This ties in closely to Liberalism, which probably means a different thing when I say it than it does coming from others.  I basically mean If it ain't broke, don't fix it; If it is broke, it can probably be fixed without also adding turbo boosters, go-faster stripes and a rear spoiler.  

I think that insofar as is good for the lot of us, people should be left the hell alone.  Plans for public uplift should have identifiable aims and quantifiable results.  I know this is all vague and windy stuff, but a bedrock principle of all political action should be that you don't go fucking around with things you don't understand.  Britain has a wide variety of problems, but by and large the roads are safe to drive on, kids can get an education, bins are emptied and you can walk down the street without being cut in half by nutters with AK-47s.

Take the Tories' new wheeze for free schools, for instance.  I imagine that there's plenty of scope in those proposals for talented individuals to produce top class and relatively inexpensive educational institutions.  On the other hand, you don't have to be Nostradamus to predict that these proposals are going to brutally butt heads with the law of unintended consequences sooner rather than later.

Finally - and most hypocritically - I'm a big fan of clarity.  Most people are more than smart enough to get their heads around the basics of major political issues, but one of the problems with modern communications is that there's just too damn much of it for busy people to take in.  Most folk don't have time to wedge hours of current affairs broadcasting into their days, so brevity is essential if you want to get a message across.

Example - there's a reason why Nick Clegg will waffle about opportunity and so on in a speech where he means We've decided to massively increase the costs of sending your kids to university, and you can blow me if you don't like it.  Saying exactly what you mean in the bluntest possible terms carries serious political risks, which is why it happens so rarely.  For myself, I've been arguing for years that politicians should stop calling BNP voters "disaffected" and "alienated" and should just start calling them "tossers" and "fucking idiots" instead, since the latter is considerably closer to the truth.  You make stupid, nasty politics radioactive by constantly pointing out how stupid and nasty it is, and not by sucking up to the country's stupidest and nastiest people.  A bit of honesty in our public debates would do us good, right across the board.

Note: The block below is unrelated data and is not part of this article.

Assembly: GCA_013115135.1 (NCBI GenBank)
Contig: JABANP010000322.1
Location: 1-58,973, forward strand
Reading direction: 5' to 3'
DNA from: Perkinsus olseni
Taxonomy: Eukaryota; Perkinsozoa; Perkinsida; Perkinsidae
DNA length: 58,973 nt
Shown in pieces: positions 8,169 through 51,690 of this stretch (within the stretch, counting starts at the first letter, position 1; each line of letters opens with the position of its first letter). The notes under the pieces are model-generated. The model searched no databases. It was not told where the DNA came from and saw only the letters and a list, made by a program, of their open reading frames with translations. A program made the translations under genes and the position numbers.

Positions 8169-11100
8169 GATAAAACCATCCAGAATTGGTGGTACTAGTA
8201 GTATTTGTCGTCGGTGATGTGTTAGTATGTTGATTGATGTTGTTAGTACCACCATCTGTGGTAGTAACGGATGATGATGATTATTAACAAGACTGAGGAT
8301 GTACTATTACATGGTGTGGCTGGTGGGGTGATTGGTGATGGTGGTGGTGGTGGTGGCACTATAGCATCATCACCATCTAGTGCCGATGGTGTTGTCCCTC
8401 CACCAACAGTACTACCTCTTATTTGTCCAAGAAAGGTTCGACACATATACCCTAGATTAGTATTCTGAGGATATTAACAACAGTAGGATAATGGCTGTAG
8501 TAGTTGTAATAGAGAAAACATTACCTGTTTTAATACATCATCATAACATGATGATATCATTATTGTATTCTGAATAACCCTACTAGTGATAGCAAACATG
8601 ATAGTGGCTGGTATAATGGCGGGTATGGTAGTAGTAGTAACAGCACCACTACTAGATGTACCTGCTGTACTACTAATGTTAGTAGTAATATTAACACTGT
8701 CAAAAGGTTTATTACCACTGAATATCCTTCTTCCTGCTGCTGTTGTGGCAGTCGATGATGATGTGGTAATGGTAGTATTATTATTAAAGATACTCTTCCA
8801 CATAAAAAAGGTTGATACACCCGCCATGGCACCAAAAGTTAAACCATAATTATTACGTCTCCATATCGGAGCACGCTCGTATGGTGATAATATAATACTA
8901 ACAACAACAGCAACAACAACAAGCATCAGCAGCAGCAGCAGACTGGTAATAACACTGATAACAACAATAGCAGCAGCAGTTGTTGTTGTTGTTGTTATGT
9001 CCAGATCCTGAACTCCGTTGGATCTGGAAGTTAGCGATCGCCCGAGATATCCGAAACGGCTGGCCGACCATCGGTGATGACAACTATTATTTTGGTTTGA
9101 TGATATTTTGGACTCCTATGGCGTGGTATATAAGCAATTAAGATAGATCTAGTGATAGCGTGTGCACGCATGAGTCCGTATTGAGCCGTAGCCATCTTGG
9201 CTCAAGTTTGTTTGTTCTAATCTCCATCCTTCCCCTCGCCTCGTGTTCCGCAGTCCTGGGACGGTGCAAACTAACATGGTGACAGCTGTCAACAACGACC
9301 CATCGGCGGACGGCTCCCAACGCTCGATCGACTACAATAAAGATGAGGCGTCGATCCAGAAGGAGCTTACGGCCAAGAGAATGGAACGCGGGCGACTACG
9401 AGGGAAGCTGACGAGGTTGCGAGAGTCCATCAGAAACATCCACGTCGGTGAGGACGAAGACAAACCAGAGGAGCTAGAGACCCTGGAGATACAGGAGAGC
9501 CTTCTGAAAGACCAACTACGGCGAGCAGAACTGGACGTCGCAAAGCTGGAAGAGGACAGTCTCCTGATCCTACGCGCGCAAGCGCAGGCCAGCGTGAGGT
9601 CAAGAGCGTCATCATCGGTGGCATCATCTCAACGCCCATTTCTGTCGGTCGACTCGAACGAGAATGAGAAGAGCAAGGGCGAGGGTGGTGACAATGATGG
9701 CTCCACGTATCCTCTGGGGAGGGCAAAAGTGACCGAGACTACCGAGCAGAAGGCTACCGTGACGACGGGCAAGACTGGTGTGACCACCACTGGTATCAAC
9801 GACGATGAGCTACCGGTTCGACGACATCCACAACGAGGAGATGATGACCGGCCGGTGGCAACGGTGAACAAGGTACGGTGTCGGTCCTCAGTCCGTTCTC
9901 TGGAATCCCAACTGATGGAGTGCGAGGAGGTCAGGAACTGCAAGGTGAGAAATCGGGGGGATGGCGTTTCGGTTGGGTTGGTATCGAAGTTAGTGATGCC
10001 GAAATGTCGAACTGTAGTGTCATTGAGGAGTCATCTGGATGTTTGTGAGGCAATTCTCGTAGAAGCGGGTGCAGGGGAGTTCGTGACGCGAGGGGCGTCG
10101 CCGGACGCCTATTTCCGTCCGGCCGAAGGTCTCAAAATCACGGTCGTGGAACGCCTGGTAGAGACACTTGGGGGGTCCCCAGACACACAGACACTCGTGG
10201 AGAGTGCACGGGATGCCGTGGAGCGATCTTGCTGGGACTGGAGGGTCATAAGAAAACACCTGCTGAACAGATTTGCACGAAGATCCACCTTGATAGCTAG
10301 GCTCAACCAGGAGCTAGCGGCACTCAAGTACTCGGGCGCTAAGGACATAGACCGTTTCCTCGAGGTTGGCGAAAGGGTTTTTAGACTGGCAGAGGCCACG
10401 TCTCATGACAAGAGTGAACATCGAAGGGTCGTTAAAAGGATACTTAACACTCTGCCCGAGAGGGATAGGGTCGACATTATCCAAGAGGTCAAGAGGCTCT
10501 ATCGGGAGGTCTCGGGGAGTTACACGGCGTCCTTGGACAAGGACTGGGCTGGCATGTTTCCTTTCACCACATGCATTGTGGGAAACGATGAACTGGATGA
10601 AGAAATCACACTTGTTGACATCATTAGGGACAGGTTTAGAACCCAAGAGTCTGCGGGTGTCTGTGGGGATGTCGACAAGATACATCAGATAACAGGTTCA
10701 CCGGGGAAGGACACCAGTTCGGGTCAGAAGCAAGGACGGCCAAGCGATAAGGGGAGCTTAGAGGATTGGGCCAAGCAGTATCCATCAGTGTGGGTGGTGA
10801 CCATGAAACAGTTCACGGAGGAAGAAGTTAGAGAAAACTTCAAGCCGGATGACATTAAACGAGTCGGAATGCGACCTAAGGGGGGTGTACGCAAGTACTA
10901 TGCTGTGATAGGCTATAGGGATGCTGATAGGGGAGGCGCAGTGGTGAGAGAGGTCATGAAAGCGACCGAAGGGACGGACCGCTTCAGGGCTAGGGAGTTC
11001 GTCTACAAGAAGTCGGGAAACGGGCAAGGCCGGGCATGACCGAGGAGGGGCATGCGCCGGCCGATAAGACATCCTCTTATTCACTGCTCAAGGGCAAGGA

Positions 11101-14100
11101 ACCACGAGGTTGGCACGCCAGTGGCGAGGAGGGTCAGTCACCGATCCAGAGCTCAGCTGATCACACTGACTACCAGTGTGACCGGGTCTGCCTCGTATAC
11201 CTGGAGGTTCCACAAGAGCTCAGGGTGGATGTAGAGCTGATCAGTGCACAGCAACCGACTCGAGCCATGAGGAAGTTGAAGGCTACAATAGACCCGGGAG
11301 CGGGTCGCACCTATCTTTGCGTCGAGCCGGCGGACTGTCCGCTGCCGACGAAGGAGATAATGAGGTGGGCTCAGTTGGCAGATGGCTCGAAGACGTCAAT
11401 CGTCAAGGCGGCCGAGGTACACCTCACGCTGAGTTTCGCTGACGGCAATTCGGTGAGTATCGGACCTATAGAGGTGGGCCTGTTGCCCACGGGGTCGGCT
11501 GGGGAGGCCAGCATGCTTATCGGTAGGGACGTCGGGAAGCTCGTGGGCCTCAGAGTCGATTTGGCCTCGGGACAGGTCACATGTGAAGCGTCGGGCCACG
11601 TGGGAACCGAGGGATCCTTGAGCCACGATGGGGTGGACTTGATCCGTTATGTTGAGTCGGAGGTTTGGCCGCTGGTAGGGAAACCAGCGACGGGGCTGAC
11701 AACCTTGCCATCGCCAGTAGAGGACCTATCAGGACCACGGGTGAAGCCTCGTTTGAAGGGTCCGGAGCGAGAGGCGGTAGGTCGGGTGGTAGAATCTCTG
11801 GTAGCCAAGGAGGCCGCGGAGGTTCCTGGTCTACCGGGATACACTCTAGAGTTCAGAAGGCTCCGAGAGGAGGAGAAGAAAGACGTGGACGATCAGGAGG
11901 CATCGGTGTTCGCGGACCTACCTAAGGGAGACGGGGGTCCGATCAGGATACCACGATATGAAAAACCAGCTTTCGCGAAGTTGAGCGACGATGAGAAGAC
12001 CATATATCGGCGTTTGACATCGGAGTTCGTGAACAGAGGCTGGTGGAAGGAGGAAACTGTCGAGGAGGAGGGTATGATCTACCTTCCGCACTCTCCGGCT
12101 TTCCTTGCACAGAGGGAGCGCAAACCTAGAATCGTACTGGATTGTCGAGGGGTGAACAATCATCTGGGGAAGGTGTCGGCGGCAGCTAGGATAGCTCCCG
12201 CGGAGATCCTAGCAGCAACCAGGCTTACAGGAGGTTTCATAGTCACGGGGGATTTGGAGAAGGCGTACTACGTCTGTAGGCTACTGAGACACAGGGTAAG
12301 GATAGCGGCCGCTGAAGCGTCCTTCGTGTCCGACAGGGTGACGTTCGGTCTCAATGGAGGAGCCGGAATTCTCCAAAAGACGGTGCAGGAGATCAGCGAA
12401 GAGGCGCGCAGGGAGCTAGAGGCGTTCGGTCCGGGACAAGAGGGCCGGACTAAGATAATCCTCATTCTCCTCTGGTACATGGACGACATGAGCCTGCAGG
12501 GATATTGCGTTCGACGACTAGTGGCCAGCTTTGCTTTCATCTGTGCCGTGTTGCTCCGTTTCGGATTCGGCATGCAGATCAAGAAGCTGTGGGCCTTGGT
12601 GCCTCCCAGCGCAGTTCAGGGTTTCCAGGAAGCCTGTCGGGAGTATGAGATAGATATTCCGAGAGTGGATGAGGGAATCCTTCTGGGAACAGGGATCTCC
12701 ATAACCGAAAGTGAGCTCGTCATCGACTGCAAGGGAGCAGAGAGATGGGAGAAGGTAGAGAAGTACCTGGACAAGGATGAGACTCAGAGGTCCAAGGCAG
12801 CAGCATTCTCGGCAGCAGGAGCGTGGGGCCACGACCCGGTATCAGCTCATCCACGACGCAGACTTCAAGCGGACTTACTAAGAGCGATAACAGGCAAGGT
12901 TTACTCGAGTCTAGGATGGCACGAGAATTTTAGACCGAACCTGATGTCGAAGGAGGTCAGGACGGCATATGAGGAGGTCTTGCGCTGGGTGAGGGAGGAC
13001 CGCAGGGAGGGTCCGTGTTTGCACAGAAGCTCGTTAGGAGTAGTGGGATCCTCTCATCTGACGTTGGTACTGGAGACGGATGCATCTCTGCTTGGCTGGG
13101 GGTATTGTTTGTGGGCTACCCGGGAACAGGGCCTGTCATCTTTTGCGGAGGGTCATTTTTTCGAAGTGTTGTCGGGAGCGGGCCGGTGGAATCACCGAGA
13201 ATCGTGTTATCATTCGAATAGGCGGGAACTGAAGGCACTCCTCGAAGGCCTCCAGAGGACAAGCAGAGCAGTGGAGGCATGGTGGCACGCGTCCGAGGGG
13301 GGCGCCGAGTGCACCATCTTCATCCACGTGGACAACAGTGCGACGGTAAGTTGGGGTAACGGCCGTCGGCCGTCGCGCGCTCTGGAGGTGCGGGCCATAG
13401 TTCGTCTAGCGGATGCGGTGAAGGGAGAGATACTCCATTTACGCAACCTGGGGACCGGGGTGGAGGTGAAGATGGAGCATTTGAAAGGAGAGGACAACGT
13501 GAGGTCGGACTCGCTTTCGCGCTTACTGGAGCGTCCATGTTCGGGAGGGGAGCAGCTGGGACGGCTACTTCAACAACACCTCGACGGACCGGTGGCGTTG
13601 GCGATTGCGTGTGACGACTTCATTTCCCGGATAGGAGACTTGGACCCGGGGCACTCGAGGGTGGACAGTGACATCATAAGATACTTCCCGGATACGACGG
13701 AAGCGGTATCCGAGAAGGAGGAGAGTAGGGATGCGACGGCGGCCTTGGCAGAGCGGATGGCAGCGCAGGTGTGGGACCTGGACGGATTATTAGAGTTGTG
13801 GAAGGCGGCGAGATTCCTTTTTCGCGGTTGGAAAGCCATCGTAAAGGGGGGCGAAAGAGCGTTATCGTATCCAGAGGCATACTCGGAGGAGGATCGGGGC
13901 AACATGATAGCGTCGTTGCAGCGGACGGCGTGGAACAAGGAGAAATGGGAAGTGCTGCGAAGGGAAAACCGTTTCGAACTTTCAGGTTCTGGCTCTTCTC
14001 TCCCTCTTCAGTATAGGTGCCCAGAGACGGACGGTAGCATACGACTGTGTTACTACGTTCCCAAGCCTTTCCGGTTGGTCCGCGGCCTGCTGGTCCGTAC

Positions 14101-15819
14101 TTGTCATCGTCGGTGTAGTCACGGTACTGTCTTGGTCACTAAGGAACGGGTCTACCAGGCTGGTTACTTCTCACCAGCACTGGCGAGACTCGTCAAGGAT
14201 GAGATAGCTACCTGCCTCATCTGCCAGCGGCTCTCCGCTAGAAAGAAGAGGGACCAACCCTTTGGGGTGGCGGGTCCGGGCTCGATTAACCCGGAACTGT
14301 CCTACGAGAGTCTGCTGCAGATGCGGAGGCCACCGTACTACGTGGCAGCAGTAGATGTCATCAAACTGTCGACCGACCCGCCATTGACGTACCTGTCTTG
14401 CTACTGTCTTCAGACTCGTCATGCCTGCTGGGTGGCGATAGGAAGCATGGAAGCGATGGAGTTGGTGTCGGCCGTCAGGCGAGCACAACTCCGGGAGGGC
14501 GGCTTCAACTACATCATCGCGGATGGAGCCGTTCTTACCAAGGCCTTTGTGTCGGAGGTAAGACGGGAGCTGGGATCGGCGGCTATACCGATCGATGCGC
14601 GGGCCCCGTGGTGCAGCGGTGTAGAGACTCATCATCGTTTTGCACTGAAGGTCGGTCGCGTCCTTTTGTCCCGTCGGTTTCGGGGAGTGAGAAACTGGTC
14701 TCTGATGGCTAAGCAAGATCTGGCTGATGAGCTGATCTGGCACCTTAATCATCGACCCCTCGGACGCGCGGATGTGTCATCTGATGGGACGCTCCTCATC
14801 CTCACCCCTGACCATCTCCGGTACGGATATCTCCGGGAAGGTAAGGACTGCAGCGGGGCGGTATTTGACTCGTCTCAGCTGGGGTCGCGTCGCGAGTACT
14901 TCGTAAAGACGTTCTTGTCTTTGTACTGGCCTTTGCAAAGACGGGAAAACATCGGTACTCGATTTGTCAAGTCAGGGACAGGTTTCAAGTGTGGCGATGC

In Bad ideas, there's little that drives me  up the wall faster than The Big Waggy Finger Of Tut-Tut.  There's no shortage of people telling us all what we should be laughing at, where magazines should be kept, what we should eat, drink, watch and so on.

I tell you now, nothing on this Earth winds up the electorate more than a lot of finger-waggy disapprovers lecturing them on what constitutes acceptable entertainment and behaviour.  However well-intentioned, these campaigns will always, without exception and regardless of tactical approach, come off like a load of hair-shirted mung-bean chewers telling people how to live their lives.  It's only been in the last century or so that we've finally got the priests off our backs, so to speak, and misguided attempts at a new moralism are going to be met with a) the finger and b) an electoral boot up the arse.

Even worse than the waggy finger though are people who insist on Acting As Cuntishly As Possible About Everything.  This used to be the preserve of retired army majors and such, but is now depressingly common among self-described lefties, and is closely related to the unpleasant habit of Spazzing Out About Nothing.

This is what I'd describe as a failure to pick your battles.  Time and again, whether it's the death of David Kelly, the Chilcot Inquiry or just some idiot columnist who said something homophobic, you can guarantee that a great army of bloggers and Tweeters will be chasing off on some damnfool pursuit of an uncatchable villain.  Save that energy for stuff that matters folks, because the man in the street really, really doesn't care.

(Stops, reads own post). 

Hmm, I imagine that much of this isn't going to go over very well, is it?  Oh well, what the hell.